Many of the indicators of recovery are small ones, such as Vietnam Airlines reporting last week its first quarterly increase in passengers and cargo in two years, or a food-stall owner in Jakarta who thinks he can soon afford to send his 6-year-old daughter back to school.
On a broader level, the Pacific Economic Cooperation Council, a Singapore-based nongovernmental agency, sees modest growth returning to most of Southeast Asia this year. Thailand, the Philippines, Malaysia and Indonesia all experienced negative growth in 1998.
What the crisis did not destroy was the remarkable spirit, confidence, resiliency and industriousness of the Southeast Asian people.
Two years ago, Sirivat Voravetvuthikum, who has a business degree from the University of Texas, was chief executive of one of Thailand's top brokerages. A multimillionaire, he borrowed heavily to finance several large development projects, thinking good times would last forever. Almost overnight the sudden recession wiped him out.
To survive, he started making sandwiches and selling them on the streets of Bangkok. Today he is still peddling sandwiches. A court, he says, will soon decide if he must declare bankruptcy and sell his remaining assets. But at least the sandwich business is going well.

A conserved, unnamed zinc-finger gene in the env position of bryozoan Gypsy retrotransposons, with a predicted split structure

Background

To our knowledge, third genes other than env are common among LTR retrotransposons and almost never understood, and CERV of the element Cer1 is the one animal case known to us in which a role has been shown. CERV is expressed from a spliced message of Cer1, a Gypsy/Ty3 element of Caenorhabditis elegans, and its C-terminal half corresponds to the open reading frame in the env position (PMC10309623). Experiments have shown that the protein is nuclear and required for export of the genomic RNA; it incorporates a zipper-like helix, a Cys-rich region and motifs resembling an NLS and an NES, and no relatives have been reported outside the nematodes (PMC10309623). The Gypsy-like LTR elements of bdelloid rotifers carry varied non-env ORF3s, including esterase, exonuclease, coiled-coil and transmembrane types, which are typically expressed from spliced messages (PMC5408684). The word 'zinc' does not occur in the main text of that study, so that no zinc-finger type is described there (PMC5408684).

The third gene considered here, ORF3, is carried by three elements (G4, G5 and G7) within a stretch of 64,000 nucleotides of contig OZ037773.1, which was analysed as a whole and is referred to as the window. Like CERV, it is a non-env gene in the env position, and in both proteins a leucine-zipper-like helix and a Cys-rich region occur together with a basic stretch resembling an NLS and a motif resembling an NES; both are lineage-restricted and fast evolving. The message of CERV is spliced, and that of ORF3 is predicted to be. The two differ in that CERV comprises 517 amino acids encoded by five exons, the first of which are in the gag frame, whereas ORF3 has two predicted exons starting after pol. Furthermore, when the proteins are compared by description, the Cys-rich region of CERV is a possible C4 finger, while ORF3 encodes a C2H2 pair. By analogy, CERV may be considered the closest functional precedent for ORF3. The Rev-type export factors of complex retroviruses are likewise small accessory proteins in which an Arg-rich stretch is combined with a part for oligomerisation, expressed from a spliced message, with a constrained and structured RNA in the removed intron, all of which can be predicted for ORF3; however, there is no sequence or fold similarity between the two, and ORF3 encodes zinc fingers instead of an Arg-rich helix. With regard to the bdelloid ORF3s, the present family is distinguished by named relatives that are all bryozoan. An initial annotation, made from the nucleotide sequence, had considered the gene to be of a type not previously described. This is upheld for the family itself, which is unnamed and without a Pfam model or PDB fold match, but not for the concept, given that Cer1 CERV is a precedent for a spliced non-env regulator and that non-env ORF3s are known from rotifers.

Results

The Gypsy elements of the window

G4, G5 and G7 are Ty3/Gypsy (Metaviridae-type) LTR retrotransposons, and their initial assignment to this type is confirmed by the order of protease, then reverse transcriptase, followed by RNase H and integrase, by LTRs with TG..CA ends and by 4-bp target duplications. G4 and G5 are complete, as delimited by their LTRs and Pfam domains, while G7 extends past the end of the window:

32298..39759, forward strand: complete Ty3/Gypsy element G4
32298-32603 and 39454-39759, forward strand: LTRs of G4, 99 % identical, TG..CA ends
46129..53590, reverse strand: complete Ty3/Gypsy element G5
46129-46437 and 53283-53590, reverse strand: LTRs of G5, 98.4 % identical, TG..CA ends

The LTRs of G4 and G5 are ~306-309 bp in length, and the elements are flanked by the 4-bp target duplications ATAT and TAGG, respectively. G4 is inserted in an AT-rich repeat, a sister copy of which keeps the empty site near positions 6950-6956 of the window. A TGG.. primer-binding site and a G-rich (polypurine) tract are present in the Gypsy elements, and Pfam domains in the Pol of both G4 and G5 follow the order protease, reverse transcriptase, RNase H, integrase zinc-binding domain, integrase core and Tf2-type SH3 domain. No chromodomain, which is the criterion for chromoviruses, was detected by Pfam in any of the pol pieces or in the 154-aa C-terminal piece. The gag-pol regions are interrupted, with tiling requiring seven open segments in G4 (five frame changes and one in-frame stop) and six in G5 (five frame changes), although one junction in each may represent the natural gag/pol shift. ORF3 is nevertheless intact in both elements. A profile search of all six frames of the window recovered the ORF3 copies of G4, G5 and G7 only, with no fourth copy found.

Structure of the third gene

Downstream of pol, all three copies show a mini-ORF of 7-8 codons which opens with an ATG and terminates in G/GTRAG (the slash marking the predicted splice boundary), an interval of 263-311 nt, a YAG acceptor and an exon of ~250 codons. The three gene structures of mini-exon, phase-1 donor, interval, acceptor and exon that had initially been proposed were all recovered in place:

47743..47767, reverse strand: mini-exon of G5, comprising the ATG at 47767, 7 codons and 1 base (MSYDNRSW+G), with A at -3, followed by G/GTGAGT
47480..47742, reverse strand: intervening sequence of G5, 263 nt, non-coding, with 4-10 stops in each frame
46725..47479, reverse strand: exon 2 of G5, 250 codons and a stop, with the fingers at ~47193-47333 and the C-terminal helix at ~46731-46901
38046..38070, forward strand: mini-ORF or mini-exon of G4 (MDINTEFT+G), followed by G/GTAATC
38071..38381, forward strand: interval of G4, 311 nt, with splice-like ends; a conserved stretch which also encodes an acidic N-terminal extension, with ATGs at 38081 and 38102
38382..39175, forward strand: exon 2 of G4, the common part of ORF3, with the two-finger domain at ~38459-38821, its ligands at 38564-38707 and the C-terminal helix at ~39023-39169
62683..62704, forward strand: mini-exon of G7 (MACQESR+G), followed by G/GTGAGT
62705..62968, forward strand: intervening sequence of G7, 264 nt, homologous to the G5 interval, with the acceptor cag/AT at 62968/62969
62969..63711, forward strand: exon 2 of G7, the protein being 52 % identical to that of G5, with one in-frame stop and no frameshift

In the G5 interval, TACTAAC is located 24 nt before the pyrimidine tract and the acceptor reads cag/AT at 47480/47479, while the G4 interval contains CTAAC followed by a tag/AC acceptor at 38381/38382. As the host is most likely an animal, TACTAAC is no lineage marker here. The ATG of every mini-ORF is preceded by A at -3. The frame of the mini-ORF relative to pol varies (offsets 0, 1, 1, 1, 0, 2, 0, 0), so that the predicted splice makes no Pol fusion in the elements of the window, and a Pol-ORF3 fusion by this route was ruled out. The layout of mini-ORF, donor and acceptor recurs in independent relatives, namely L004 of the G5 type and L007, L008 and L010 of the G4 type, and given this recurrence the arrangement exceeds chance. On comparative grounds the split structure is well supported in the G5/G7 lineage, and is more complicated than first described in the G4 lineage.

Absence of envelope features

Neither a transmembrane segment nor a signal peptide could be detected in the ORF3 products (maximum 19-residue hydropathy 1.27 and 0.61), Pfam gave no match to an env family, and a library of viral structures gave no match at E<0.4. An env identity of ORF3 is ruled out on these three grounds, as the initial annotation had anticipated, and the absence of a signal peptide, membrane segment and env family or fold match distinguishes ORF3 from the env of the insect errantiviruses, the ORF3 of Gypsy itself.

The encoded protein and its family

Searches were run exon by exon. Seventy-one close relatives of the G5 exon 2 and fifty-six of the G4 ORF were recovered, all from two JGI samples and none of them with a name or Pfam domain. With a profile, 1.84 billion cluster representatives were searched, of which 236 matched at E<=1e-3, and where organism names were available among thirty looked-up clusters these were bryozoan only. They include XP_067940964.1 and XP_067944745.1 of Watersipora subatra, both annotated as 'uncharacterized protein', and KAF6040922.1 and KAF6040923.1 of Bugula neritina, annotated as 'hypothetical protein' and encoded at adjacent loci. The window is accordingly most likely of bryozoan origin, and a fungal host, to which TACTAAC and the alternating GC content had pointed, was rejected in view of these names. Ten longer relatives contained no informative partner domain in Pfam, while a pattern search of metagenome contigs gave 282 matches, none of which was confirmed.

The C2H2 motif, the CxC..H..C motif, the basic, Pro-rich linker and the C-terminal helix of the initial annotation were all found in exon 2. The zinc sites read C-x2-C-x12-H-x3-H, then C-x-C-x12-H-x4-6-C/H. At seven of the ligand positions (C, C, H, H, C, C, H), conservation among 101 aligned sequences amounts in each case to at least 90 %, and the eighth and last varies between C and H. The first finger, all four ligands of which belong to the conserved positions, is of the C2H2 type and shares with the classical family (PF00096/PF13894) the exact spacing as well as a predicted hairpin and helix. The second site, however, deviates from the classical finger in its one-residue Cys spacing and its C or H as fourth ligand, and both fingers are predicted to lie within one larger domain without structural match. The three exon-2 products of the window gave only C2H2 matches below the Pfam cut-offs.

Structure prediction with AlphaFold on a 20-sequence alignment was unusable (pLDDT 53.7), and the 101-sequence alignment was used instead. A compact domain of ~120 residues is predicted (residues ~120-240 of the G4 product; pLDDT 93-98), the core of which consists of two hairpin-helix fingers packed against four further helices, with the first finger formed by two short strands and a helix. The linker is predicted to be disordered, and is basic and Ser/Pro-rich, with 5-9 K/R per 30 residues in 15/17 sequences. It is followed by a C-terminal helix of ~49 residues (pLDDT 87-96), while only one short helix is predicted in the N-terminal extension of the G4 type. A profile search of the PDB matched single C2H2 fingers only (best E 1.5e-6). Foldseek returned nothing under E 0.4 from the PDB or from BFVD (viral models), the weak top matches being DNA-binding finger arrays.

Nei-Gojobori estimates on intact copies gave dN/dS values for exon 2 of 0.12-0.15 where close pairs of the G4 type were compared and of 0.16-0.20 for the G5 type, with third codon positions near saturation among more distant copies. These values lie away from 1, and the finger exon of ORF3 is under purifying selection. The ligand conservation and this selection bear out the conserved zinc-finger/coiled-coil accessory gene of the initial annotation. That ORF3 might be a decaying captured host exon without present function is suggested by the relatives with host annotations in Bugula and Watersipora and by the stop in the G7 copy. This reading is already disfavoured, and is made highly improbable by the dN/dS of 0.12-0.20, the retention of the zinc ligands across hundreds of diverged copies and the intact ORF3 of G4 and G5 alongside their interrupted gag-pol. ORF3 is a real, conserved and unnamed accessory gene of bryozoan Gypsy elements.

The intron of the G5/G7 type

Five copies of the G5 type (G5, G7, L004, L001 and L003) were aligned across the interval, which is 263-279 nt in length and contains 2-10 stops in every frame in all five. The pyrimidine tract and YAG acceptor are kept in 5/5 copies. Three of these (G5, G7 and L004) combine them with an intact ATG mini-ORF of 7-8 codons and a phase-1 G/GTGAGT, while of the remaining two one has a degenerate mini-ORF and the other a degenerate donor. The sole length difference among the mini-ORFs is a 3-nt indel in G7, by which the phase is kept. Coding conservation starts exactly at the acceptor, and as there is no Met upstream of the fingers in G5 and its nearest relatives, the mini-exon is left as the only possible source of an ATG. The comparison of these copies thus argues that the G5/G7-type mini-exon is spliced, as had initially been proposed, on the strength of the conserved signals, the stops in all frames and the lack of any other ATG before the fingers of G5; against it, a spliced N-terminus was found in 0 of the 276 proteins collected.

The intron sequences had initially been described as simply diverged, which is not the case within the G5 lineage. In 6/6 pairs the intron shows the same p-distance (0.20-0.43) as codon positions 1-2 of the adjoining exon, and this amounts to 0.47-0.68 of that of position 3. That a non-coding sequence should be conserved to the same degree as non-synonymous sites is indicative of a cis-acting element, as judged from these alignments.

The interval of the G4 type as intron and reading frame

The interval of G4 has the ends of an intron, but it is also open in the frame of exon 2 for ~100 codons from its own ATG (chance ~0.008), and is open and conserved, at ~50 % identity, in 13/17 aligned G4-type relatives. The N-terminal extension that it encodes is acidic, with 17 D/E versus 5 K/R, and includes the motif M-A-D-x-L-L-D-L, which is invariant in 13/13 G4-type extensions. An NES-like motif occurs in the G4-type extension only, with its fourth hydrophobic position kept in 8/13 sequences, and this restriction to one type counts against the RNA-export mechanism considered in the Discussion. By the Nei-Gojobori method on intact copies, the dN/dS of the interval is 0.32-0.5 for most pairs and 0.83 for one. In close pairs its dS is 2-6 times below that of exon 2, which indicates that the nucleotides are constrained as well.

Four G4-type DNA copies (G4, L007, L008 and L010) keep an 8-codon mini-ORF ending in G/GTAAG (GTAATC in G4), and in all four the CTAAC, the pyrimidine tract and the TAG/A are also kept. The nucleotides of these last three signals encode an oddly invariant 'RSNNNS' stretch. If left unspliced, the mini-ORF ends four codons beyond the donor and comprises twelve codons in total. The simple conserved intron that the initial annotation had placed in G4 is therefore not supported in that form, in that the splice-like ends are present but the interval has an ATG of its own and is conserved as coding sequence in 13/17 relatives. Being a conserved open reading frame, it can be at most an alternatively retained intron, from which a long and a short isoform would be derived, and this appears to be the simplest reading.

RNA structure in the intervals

"Customers bought their first sandwich to help me," said Sirivat, 50. "But they bought the second, third and fourth ones because I make the best sandwiches in Bangkok and because I am honest with my customers."
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Keeping the Momentum
Southeast Asia has made a start on economic recovery, but the region remains vulnerable to its own weaknesses, China's deepening uncertainty and Japan's continuing troubles.
Recovery depends on maintaining political stability, the return of ethnic Chinese investment and rebuilding the reeling banking system.
The critical question is whether foreign investors see it as an attractive destination in light of the country's capital controls and political uncertainty.
The country has made progress on banking reform, but the strength of government reform efforts is a question mark and education system remains weak.
It's been praised for deregulating finance and helping industry cut costs, but still remains vulnerable to the fortunes of its struggling neighbors.
If succeeded in attracting foreign technology investment and in imposing reforms, but fears of cronyism and complacency abound.
How key stock markets in East Asian nations have fared so far this year:
Country: Percent change
South Korea: +68%
China (Shanghai): +39%
Hong Kong: +31%
U.S. (S&P; 500): +11
Note: Figures are for most widely quoted index in each market.
In gross domestic product for selected countries:
Country 1998 GDP growth 19999* 2000* China +7.8% +7.0% +8.2% Hong Kong -5.1 -1.3 +0.2 Indonesia -13.7 -4.0 +1.0 Malaysia -7.5 +1.8 +3.8 Philippines -0.5 +1.5 +3.8 Singapore +1.5 +0.9 +2.5 Taiwan +4.8 +4.8 +5.5 Thailand -8.0 +2.0 +3.5
Sources: Morgan Stanley Dean Witter, Bloomberg News, Times research